I hate this question. It’s one we’ve been trying to avoid on Grassrootsy for a while because it’s a hard one to answer and I’m kinda biased.
WHAT IS SPOTIFY
First we’re not going to blindly assume that everyone reading this post knows what Spotify is. It’s a music streaming service that sells access to music instead of ownership. In other words. An artist can pay a monthly subscription fee and have access to unlimited amounts of music. However they cannot download that music onto their technological device as if they own it.
THE BEAUTY OF SPOTIFY
The beauty of this model (for the music lover), is they can listen to literally almost anything and never have to pay for it (in the concrete sense). It’s a great place for music exploration. There’s also an ad-supported free version that users can use. It’s a Pandora-type experience where advertisement are interjected into the listening experience .
THE PROBLEM WITH SPOTIFY
To be honest, I think Spotify has developed an incredible model for the stereotypical 21st-century listener who no longer buys full albums but whose world revolves around purchasing singles and the Pandora-model of music exploration. Spotify is the solution to the idea that Rhapsody got sued for over 10+ years ago. People want to try out music but they don’t want to pay for it. And in many cases, if they try it out, they might like it enough to buy it.
But that’s also the problem – they might not ever buy it. People just aren’t buying music like they used to. If you’re on a major label, or Justin Beiber, it doesn’t hurt as much. You’re still getting millions upon millions of people listening to your song every month which equates to money being made off of those streams. But if you’re the average independent artist, those spins don’t mean much. They don’t add up.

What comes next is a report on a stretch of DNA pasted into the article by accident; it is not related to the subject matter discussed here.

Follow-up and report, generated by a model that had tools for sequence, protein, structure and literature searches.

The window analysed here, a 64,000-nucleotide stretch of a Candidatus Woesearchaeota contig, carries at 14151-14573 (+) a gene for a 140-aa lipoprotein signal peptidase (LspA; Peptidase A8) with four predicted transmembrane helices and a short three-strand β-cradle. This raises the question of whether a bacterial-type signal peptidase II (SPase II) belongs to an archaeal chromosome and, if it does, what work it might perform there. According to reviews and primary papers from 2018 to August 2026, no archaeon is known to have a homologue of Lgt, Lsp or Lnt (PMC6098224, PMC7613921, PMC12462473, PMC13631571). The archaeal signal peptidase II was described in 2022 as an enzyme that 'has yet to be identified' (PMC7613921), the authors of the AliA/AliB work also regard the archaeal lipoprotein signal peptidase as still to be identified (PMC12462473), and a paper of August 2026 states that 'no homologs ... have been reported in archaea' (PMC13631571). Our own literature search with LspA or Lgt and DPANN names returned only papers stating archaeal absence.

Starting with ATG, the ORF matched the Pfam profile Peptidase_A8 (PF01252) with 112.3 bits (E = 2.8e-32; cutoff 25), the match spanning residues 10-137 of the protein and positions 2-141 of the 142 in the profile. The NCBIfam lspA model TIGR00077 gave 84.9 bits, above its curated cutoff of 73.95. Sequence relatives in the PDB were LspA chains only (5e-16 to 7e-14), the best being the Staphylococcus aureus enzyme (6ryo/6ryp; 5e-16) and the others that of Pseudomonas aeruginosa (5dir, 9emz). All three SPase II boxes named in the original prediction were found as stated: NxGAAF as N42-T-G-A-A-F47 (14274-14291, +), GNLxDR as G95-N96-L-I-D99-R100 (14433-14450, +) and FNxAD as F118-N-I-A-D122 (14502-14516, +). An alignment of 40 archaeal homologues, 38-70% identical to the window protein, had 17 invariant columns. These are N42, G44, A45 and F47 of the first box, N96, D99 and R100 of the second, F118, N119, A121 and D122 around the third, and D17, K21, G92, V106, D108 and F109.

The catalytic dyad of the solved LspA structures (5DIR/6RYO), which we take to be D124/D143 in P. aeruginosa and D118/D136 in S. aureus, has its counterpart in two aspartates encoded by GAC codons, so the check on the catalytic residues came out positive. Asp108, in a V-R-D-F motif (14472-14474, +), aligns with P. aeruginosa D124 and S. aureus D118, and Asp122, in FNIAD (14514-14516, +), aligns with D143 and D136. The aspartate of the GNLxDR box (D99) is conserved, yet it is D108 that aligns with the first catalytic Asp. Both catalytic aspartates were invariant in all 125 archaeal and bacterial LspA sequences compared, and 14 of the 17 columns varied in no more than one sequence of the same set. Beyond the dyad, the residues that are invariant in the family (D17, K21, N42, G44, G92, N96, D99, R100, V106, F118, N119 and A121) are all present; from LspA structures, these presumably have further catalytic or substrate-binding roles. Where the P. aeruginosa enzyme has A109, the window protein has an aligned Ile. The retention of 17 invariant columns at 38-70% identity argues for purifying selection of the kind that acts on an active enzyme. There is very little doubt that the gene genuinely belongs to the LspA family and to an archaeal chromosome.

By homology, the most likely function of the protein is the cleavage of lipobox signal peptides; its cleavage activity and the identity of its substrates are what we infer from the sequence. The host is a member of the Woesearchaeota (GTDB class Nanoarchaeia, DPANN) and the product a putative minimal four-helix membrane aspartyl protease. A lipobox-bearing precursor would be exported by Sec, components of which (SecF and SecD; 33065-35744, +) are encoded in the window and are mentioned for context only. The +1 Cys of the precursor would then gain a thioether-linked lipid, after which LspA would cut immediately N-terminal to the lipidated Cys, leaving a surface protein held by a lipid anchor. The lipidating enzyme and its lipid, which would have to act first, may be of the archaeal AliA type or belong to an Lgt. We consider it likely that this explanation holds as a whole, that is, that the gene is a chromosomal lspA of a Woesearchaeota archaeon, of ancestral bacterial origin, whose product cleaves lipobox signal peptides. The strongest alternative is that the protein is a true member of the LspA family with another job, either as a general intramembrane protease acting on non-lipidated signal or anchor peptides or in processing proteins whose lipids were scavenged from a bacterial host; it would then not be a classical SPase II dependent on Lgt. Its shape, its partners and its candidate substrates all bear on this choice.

Its hard to find trustworthy information because many of the articles we’ve found online are incredibly biased. But we’re citing The Next Web because they’ve also included a payment chart from an actual artist’s iTunes, Rhapsody, and Spotify streams. First off, here is how much you’re making from Spotify:
$0.0096 per stream
(that’s almost 1 American penny)
And here is Next Web’s supplied graphic on streams.
Like we said, if you’re Beiber or Lady Gaga, you’re getting millions of streams and (in theory) making more than you would be if you were just selling a copy of your album. But in most cases, the numbers don’t really add up for the independent artist.
As an aside, here is Spotify’s explanation on how they payout so that you have both sides of the argument.
THE CONSOLATION PRIZE
I have people ask me literally all the time if my new album is on Spotify. The answer is no. And because of that I know for a fact there are people who will never hear my album because they don’t have easy, free access to it. How do I feel about it? Well the feeling is bittersweet.
For one, I’m glad there are people who will actually go “out of their way” and listen to the album on iTunes…or better yet, my website to determine if they like it enough to buy it. And on the other hand, I know there are people who will never listen to my album simply because its level of accessibility doesn’t meet their Spotify standards. So I suppose Im missing out on the consolation prize of additional exposure and potential new fans. But I’m also deciding that this is the price I will have to pay for a business model I am not personally excited about.
Maybe that will change one day.
Joy Ike is a full-time singer-songwriter based out of Pittsburgh, PA. She is also the founder of Grassrootsy, a music marketing blog for independent artists. She believes the greatest tragedy in the world is having a talent and keeping it to yourself. You can find her at www.joyike.com or follow her via twitter: @joyike.